Bearing in mind that:
The violent terrorist attacks of the last two years in the European Union and beyond confirm that European societies are facing a considerable and unprecedented threat putting Europe's values, based on on human rights, democracy, the rule of law, tolerance and religious diversity under pressure. In particular, the recent Paris and Brussels terrorist attacks, through their violence and collective murders, were clearly intended to embody an extremist ideology aimed at the destruction of Europe.
In addition, this relatively new and complex multifaceted phenomenon of extreme violence and radicalisation also demonstrates the weakness of national policies and strategies on internal security and raises the need for further action and cooperation at the European level. In fact, the lack of coordination and trust among Member States' national authorities in charge of internal security, the absence of a global security approach combining internal and external dimensions and ensuring coherence between Justice and Home Affairs and the Common Security and Defence Policy, and the inability to prevent and protect, all reinforce the feeling of insecurity and lack of confidence among EU citizens. They provide an arena for the proliferation of populist xenophobic and islamophobic behaviours. It is now urgent and crucial for the European Union and its Member States to rethink their whole strategy on security, setting forward clear political priorities for an ambitious and common internal security policy.
It is commonly accepted that there is no such fundamental right as a "right to security", which has to be understood as a right to protection against terrorist threats. Freedom and security are interdependent and challenging policy objectives in constantly changing and globalising societies.
At the European level, one of the key objectives of the European Union is to make sure that individuals living in an area of freedom, security and justice enjoy the freedoms guaranteed by the Treaties and make full use of their rights to live, study, work and do business in any Member State. Whilst according to the Lisbon treaty responsibility for security lies primarily with Member States, it is commonly agreed that terrorism and transnational threats know no borders and therefore cannot be addressed effectively without a commonly agreed European strategy and policy.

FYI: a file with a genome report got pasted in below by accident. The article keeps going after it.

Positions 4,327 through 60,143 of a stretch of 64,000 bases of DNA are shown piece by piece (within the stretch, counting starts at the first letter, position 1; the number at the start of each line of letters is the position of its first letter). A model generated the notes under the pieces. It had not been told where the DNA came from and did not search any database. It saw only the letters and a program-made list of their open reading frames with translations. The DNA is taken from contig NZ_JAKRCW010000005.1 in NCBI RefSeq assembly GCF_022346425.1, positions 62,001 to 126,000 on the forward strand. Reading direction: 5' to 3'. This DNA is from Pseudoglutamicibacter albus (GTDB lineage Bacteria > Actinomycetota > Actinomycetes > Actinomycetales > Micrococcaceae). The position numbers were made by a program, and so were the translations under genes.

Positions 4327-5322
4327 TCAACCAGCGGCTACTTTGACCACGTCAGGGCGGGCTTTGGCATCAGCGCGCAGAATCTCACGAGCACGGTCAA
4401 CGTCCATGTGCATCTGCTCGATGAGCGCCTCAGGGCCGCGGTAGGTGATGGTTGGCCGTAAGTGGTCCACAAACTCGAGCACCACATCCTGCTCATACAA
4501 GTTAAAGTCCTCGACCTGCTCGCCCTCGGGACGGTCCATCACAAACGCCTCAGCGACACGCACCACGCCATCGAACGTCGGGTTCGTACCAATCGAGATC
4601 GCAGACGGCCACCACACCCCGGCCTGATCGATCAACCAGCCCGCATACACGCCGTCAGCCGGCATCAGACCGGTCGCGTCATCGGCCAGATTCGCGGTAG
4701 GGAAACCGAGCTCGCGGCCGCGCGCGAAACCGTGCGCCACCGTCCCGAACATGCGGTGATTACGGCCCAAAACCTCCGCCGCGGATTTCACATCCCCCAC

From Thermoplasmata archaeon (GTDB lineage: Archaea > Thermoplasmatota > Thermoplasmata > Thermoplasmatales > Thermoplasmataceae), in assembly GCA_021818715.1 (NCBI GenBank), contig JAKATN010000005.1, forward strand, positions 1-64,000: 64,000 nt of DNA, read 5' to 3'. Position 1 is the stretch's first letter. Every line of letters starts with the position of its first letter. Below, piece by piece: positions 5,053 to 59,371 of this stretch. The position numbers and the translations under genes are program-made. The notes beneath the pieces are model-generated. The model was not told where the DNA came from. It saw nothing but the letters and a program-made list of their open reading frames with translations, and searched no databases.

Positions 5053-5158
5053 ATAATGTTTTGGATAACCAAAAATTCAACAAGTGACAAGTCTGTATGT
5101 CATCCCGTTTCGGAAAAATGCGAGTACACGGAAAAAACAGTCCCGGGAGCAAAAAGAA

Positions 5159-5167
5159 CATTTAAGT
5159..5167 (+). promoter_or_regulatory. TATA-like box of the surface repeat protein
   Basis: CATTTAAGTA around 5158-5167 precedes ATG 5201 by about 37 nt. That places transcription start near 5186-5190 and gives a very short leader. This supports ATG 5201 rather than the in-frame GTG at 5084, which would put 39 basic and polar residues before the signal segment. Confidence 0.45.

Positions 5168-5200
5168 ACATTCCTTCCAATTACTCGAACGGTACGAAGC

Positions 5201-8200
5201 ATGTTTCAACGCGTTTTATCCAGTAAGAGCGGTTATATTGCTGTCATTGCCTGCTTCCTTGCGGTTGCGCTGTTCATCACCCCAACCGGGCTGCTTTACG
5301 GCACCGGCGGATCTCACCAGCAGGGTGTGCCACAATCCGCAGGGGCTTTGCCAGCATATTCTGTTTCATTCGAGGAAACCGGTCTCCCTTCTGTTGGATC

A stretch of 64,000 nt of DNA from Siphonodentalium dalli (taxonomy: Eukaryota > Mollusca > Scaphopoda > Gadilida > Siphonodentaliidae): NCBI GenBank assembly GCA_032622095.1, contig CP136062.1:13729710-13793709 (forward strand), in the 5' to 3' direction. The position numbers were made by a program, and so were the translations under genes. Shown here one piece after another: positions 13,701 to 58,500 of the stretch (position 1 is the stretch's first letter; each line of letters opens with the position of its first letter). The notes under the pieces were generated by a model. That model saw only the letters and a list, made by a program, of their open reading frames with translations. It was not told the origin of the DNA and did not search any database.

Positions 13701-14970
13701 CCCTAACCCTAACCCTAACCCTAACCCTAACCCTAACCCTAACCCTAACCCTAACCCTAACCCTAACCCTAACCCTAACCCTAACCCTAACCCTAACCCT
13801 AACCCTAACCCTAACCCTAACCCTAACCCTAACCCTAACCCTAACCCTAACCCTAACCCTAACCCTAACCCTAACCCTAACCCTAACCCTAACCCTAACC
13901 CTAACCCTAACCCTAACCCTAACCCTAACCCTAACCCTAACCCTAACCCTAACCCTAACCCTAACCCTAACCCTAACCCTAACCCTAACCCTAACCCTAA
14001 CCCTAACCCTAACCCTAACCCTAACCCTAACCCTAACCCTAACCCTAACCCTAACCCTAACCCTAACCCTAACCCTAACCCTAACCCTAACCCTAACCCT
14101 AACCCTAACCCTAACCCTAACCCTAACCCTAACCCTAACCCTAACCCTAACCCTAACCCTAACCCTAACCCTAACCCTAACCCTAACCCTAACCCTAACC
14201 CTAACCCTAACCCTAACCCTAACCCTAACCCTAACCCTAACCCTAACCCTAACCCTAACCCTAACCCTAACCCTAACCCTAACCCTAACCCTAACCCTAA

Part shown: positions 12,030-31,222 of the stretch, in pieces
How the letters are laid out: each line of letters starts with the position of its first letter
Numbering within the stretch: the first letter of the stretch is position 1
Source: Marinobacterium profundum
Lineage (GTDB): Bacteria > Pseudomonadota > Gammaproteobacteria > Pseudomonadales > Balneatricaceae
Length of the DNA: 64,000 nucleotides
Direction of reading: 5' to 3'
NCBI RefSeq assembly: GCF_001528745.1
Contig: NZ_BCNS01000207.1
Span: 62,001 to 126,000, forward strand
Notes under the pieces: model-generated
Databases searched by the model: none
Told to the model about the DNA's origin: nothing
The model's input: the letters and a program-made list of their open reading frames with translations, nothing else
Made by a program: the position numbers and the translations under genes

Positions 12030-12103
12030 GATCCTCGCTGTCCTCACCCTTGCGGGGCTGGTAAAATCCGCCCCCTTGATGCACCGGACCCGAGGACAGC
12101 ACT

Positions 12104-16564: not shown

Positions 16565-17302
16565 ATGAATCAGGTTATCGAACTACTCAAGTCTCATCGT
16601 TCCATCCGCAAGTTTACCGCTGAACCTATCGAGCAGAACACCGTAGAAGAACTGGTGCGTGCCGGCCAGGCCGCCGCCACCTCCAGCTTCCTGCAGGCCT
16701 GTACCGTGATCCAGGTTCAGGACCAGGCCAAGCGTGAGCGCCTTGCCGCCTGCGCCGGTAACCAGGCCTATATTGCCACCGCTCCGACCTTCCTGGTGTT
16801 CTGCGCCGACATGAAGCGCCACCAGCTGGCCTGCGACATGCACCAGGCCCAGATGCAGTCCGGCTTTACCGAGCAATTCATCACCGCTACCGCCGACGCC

In April 2015, the European Commission presented a European Agenda on Security identifying terrorism, organised crime and cybercrime as the main priority areas for strong operational cooperation among EU Member States based on mutual trust and suggesting concrete measures and better information exchange at all levels. A year later, significant progress has been made in the implementation of the European Agenda on Security, as key priories have been reinforced by the adoption of the PNR proposal, the adoption of Action Plan on firearms and explosives, the strengthening of the fight against terrorism financing and the proposed strategy for stronger and smarter information systems for Borders and Security.
However, despite the initiatives and the measures taken until now at the EU level for improving coordination between Member States, the recent attacks in Brussels urge the European Union to develop a more ambitious European policy on internal security, ensuring the right level of security for all people living in Europe and deepening efforts against terrorism and radicalisation.
the Congress of the Union of European Federalists, meeting in Strasbourg on 11-12 June 2016 commits itself to taking all necessary actions at its level:
to recall that the European Union's approach and strategy on internal security shall be based on common democratic values, including the rule of law, and must respect and promote fundamental rights in line with the EU Charter of Fundamental Rights. Transparency, accountability and democratic control are the key elements for reinforcing trust among citizens and promoting the wider political dialogue which is now needed in all European societies;
to urge the European Union to set up an ambitious, multi-disciplinary and holistic internal security policy based on mutual trust, reinforce the links and synergies with the Common Security and Defence policy, establish a common intelligence service and develop operational cooperation arrangements and assistance mechanisms in particular during crisis and emergencies;
to support the development of a comprehensive and well balanced anti-radicalisation policy, giving priority to preventing actions, improving situation in prisons, promoting de-radicalisation programmes, education and inter-cultural dialogue, fighting hate speech (on- and off-line) and financially supporting the quick implementation of all the actions decided;
to underline the need for strong and reliable inter-agency (Frontex, Europol, Eurojust, CEPOL) and cross-sectorial cooperation, improving the interoperability of databases and information systems;
to develop concrete initiatives in the area of Criminal Justice, strengthening and harmonizing terrorism-related offenses and completing the revision of the legal framework on acquisition of weapons, on fighting terrorist financing, protecting critical infrastructure and supporting research initiatives and future technological projects;
to promote security dialogues and cooperation with neighbouring countries and other targeted priority third countries, further developing and actively promoting best practices on global security and fighting against terrorism within multilateral forums.
12 July, 2016
Resolution supporting the establishment of a European internal policy and enhancing a common strategy fighting radicalisation
Adopted by the Federal Committee following the UEF XXV European Congress, Strasbourg, 12 June 2016.